Dear Old Trainer: Buster, my Australian Shepherd, is always well behaved. I just started taking him for rides in the car and as soon as we take off he starts barking. When we stop, he stops barking. He doesn't bark like that any other time. What is going on and what do I do?
-- Fran, Santa Barbara
Answer: Riding in the car triggers Buster's "pursuit reflex," Fran. All dogs have it to some extent, but it is dominant in Aussies and other herding breeds. When a herd dog sees something move, even out of the corner of the eye, the genetic impulse is to pursue it and bring it under control.
When Buster is in a moving automobile, it appears to him everything he sees is moving.
It annoys him and he barks the same way he would if some pushy goat ran around ignoring orders. Herding breeds love to run wild themselves, but get testy if they see any thing else running without their permission.
Joker, my youngest Border Collie, is easy going and doesn't let anything bother him, but I have to watch him if we meet a runner on the trail.
It disturbs his sense of order and his instinct is to round them up and make them join our pack. He spends the entire run circling our pack to keep us in what he considers a proper grouping.
Buster is barking because he desires order but sees chaos all around him -- people and objects moving in all directions at any speed they want. He doesn't like it and is giving everyone a warning bark.
It is easy to put a stop to the barking. Have someone else drive the car while you sit next to Buster.
As soon as he starts to bark, reach out and touch his neck and tell him "no barking." If he persists, place your hand gently around his muzzle and repeat the command.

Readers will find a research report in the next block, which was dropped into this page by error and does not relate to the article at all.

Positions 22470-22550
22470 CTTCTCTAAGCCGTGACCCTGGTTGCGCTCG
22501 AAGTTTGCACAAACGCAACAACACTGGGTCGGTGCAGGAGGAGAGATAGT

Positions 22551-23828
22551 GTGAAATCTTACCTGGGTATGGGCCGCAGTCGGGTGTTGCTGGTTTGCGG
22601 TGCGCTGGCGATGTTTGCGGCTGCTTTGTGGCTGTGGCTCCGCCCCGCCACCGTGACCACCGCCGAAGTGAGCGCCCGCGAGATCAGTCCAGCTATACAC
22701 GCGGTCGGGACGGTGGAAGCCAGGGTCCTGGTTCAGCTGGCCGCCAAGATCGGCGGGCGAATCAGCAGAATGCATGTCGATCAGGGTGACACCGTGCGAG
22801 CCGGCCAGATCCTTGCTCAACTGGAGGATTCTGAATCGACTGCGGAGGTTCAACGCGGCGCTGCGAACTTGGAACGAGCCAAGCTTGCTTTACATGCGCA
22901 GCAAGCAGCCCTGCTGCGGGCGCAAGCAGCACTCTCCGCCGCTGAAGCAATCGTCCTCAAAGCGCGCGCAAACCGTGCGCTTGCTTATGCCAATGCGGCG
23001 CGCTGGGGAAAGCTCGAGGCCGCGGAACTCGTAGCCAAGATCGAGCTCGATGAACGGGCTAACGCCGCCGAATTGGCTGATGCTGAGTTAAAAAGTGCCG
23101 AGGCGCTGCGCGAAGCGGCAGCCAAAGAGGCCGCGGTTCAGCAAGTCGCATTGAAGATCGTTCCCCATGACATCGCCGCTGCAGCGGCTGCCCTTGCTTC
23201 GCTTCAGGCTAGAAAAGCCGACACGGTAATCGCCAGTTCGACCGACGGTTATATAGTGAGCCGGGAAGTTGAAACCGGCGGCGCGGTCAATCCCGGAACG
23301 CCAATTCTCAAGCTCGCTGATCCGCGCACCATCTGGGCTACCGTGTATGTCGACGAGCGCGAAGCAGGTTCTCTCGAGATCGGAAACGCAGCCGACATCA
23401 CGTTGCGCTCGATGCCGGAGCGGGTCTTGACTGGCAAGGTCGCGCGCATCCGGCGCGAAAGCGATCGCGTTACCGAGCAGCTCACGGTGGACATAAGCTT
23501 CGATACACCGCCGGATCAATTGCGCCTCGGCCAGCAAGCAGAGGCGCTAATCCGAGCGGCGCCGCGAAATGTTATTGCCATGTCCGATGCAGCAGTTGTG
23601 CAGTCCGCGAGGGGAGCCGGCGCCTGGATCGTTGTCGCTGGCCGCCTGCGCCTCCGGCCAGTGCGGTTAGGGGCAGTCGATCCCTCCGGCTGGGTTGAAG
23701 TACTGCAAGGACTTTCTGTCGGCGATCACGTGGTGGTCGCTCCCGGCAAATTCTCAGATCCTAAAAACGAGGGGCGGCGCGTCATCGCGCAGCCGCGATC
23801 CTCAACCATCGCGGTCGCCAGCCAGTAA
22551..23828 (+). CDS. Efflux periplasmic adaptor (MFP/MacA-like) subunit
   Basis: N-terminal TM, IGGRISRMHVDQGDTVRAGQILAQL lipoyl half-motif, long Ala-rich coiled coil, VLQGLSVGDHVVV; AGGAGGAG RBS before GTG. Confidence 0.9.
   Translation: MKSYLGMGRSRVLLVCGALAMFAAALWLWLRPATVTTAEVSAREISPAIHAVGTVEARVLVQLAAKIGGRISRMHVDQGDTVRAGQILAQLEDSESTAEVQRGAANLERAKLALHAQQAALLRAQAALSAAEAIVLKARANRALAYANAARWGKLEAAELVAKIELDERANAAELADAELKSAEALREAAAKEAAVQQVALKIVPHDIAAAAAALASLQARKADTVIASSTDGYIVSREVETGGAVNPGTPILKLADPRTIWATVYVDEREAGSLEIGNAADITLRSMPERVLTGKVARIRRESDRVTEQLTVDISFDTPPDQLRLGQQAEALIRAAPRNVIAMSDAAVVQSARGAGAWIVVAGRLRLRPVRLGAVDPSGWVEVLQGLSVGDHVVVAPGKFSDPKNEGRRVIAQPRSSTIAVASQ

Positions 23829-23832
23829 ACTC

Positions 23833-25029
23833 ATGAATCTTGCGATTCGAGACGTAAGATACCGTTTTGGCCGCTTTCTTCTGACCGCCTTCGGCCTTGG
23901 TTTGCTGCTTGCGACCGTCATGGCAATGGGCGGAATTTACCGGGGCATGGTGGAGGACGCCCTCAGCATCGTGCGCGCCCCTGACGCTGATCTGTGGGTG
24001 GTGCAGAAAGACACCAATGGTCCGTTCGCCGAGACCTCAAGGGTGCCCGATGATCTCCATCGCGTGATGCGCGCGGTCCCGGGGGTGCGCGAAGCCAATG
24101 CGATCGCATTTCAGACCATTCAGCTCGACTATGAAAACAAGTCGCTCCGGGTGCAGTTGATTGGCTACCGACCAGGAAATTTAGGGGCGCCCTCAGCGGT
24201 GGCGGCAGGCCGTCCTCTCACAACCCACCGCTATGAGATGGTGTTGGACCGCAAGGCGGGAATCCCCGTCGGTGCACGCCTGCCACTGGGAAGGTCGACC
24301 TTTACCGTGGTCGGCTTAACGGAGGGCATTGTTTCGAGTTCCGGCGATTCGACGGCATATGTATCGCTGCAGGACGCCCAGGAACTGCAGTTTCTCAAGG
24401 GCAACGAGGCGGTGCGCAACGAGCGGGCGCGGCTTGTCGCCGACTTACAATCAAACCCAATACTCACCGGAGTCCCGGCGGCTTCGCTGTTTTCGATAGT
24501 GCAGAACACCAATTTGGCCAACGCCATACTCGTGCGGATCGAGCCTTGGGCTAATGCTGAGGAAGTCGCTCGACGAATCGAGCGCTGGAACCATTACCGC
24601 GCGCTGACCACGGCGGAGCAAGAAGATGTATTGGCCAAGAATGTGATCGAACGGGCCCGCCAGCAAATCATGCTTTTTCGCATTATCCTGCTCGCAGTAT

As soon as he refrains from barking, pet him and praise him. Explain that herding houses is not his job and barking is not allowed in the car.
Once he obeys the command take over the driving yourself and give the no barking command. If he barks, pull over to the curb and give him a lecture. He will follow orders as soon as he understands what you want him to do.
Dear Old Trainer: Fritz, our 4-year-old Dachshund, has slept with us since we got him as a puppy. I just read a report that said it was not a good idea because the dog will not respect you as the pack leader. Is that true?
-- Douglas, Auburn
A: No. Just another crackpot theory from the folks who are unaware canine psychology even exists and have no idea how a dog thinks.
Sleeping together has worked fine for four years for you and Fritz, so don't worry about it. His mind is on stretching out next to the people he loves and dreaming of chasing rabbits, not challenging you for leadership of the pack.
Jack Haskins writes as The Old Trainer. A trainer for more than 30 years, he has rescued, trained, and placed more than 2,000 dogs. Send questions to firstname.lastname@example.org.